Obesity falls in English schools
The number of obese and overweight children in the final year of primary school in England has fallen for the first time in six years.
A third (33.3%) of pupils aged 10-11 measured in 2012-13 were obese or overweight, compared with 33.9% the previous year.
The number of obese and overweight children also fell in reception (age four to five) for the second year.
The National Child Measurement Programme was set up in 2005.
Data shows the proportion of obese or overweight children in reception classes is slightly lower at 22.2% than in the previous year (22.6%).
It is also the first time that children who were measured in the first year of the programme when they were in reception in 2006-07 have been measured a second time when they are now in year 6.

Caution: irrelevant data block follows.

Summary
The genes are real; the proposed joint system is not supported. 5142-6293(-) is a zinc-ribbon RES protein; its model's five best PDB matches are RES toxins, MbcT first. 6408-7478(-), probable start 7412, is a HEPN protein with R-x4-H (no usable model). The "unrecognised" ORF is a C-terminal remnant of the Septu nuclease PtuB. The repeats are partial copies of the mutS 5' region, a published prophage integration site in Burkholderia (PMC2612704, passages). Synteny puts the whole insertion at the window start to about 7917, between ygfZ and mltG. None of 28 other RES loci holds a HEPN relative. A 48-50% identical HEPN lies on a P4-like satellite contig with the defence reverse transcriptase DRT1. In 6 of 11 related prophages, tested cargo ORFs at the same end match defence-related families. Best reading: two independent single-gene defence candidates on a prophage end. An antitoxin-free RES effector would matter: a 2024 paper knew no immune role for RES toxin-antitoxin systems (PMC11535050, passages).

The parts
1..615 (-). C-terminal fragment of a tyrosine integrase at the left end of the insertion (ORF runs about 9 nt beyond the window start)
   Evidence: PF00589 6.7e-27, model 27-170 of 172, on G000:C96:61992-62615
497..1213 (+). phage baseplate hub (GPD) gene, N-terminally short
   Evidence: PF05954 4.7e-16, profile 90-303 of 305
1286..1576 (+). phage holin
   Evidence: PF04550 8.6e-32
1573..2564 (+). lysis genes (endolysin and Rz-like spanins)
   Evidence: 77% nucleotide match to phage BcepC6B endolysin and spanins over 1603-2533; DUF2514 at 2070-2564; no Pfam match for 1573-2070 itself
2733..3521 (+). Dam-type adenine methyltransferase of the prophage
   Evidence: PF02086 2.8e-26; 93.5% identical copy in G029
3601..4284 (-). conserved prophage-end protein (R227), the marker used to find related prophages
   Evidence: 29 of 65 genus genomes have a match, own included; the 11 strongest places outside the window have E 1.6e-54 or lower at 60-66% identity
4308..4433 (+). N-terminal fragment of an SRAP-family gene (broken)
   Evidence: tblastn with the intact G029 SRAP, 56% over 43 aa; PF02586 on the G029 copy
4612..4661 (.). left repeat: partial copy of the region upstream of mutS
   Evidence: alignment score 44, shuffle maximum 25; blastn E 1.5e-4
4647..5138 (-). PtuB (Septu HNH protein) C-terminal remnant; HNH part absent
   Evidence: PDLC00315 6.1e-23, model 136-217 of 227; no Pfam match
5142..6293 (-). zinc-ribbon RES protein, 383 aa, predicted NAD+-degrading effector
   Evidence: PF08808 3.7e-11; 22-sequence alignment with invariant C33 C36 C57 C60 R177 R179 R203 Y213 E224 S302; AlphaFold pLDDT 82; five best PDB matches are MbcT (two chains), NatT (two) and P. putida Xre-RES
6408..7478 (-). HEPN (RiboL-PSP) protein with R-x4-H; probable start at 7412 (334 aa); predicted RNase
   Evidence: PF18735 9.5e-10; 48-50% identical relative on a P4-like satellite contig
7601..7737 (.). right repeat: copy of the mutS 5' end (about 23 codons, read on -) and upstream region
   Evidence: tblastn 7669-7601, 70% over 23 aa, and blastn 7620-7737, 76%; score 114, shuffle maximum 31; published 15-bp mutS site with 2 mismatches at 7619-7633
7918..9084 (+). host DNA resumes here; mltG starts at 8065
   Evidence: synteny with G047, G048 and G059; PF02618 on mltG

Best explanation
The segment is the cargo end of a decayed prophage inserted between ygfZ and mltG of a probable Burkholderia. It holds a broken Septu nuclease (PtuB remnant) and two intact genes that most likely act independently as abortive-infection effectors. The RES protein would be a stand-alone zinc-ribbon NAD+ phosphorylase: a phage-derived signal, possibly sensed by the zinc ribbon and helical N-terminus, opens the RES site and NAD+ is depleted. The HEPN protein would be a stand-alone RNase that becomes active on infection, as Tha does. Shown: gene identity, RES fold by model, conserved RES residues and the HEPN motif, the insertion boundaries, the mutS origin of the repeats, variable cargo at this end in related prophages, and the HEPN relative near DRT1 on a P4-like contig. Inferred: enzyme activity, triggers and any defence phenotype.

"The first drop in obesity prevalence among year six stands out, although we will need to see what the numbers say in future years to determine if this is the start of a decline or more of a blip," said Kingsley Manning, chair of the Health and Social Care Information Centre.
Prof Kevin Fenton, national director for health and wellbeing at Public Health England said: "This provides us with a clear picture of the scale of child obesity in England, which we use to inform priorities and actions around tackling child obesity.
"The data also helps local authorities to understand how child obesity affects their local population and determine what actions they can take on a local level."